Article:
In a key investigative report released on September 14, the US government heaped most of the blame for last year’s massive oil spill in the Gulf of Mexico on BP. The British company now faces a raft of criminal and civil litigation and billions of dollars in potential damages.
The report concluded that BP violated federal regulations, ignored safety concerns and crucial warnings, and made careless decisions during the cementing of the well nearly two kilometres underwater.
“That report summarised what we already knew, and it will help establish the punitive damage case against the defendant [BP],” New Orleans-based attorney Stuart Smith, representing more than 1,000 cases against BP, told Al Jazeera.
Smith, along with many other lawyers representing clients with lawsuits against BP, believes it may well take BP $30bn to cover all the cases against it.
|1) Outrage continues along the Gulf Coast as BP denies residents compensation for loss of livelihood and ignore financial claims resulting from the growing health crisis [Erika Blumenfeld/Al Jazeera]|
|2) Stuart Smith, a New Orleans-based attorney, is handling more than 1,000 cases against BP in the wake of the oil disaster. Smith has been involved in litigation against the oil and gas industry for 25 years, and recently told Al Jazeera that he believes there could be huge settlements as a result of mounting evidence of BP’s criminal negligence [Erika Blumenfeld/Al Jazeera]|
|3) There are more than 3,000 oil production platforms in the Gulf of Mexico, a large number of them off Louisiana’s coast. A 2003 study by the Louisiana Energy Policy Advisory Commission concluded, ‘Louisiana’s economy is more dependent on energy … than any other state except Alaska’ [Erika Blumenfeld/Al Jazeera]|
|4) During the oil cleanup efforts in the wake of BP’s disaster in April 2010, fishermen, who could no longer fish because the fishing areas were filled with oil, were hired by BP to help with cleanup. It was common at that time to see fishing boats stocked with oil boom where normally they would hang fishing nets. Those who accepted the job with BP’s Vessels of Opportunity programme (VOO) were asked to sign a document waiving them of their rights to sue the company for any damages at a later date [Erika Blumenfeld/Al Jazeera]|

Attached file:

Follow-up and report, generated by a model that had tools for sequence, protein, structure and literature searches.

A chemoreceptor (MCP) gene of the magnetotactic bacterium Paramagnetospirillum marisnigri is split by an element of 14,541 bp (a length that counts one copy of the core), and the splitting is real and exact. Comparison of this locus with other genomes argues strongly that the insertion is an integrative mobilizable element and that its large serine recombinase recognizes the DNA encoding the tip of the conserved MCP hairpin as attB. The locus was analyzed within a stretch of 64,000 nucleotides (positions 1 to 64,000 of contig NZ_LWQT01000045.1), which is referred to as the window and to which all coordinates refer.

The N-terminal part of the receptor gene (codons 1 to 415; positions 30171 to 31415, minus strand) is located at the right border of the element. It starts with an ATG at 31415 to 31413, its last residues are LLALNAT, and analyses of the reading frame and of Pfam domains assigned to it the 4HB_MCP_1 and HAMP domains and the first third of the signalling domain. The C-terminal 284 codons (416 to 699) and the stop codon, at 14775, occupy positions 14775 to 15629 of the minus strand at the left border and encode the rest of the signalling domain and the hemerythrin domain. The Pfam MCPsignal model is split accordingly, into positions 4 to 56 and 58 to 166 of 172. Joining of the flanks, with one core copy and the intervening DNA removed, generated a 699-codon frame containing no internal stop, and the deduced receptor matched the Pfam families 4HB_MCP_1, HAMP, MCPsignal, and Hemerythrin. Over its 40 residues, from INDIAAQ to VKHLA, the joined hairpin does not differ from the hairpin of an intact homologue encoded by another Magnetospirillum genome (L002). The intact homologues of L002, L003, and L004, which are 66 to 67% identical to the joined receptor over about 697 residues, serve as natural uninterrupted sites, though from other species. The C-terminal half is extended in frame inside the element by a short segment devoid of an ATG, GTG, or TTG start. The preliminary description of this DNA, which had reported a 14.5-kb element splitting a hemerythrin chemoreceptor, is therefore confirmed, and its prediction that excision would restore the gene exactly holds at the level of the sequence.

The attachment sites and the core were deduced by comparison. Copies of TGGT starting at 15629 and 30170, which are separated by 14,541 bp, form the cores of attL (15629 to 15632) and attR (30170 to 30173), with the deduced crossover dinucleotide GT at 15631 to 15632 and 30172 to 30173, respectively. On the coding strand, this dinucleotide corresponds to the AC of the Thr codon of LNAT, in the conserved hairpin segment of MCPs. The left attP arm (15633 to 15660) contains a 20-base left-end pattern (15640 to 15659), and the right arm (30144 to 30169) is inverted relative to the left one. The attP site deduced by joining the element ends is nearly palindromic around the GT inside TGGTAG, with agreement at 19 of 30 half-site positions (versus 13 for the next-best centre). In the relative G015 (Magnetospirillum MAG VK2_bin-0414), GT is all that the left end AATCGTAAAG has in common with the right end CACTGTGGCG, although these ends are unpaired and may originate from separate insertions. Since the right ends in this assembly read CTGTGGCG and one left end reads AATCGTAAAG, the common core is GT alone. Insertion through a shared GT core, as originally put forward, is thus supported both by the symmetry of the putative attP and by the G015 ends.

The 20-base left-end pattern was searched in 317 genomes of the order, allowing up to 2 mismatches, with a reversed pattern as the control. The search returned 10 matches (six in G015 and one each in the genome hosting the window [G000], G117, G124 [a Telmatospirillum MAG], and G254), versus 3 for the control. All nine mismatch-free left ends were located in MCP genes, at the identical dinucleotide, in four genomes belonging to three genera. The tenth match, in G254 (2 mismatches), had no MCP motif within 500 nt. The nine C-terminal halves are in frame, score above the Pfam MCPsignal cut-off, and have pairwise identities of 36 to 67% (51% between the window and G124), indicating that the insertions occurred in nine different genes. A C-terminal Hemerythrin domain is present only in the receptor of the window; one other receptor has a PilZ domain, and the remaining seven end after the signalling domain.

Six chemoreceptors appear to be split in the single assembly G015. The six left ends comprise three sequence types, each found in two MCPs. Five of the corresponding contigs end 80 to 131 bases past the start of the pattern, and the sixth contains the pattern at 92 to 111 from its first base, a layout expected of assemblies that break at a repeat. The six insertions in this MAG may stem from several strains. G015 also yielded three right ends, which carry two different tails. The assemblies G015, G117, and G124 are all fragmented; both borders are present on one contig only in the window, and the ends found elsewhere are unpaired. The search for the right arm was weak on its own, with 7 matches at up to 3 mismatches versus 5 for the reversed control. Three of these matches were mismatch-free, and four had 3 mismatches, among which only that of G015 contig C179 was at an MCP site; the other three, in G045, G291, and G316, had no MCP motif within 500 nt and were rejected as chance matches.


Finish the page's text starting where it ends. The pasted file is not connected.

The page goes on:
|5) In September 2011, Al Jazeera saw many signs and billboards across Louisiana and Mississippi advertising legal assistance in both filing and fighting oil claims [Erika Blumenfeld/Al Jazeera]|
|6) Dean Blanchard, owner of one of the largest seafood distributors in Louisiana, recently told Al Jazeera that he is still finding BP’s oil washing up in the marshlands. He also said that dead dolphins are being found almost daily, and that fishing waters off certain coastal areas of Louisiana are producing only one per cent of the shrimp they normally yield [Erika Blumenfeld/Al Jazeera]|
|7) Only about one-third of the claims submitted to BP by residents and fisherman have been paid, with the average claimant receiving about $16,000. Given that the US Department of Health and Human Services states that the 2009 poverty threshold for a family of three was $18,310, many feel that BP’s compensation is inadequate for their loss of livelihood [Erika Blumenfeld/Al Jazeera]|
|8) One of many BP staging areas, from which they operated their Vessels of Opportunity cleanup programme. Despite BP’s cleanup efforts in 2010, oil still remains in the waters and marshlands, and there is an increasing number of health issues from ongoing exposure to BP’s oil and dispersants [Erika Blumenfeld/Al Jazeera]|
|9) On a recent visit to Port Fourchon, Louisiana, Al Jazeera found evidence that BP left their oil spill prevention materials behind, littering the environment. Shown here is a barricade (at right), made of wood and bags of sand, that was intended to stop oil from washing up onto the beaches where it could harm humans and wildlife and contaminate the environment. The barricade was not high enough to block polluted water at high tide from spilling over and contaminating the ecosystem on the other side [Erika Blumenfeld/Al Jazeera]|
|10) The Centre for Biological Diversity (CBD) is suing BP under the Clean Water Act for $19bn for damages to the environment, wildlife and marine life caused by their oil disaster. The CBD states that ‘approximately 6,000 sea turtles, 26,000 dolphins and whales, 82,000 birds, and countless fish and invertebrates may have been harmed by the disaster’ [Erika Blumenfeld/Al Jazeera]|
|11) Cherri Foytlin, activist and co-founder of Gulf Change, speaking on the steps of the state capital in Baton Rouge about the health problems that have emerged from exposure to BP’s oil and dispersants, and the economic devastation from the failing fishing industry [Erika Blumenfeld/Al Jazeera]|
Read more from Al Jazeera about the lawsuits filed against BP.
Follow Dahr Jamail on Twitter: @DahrJamail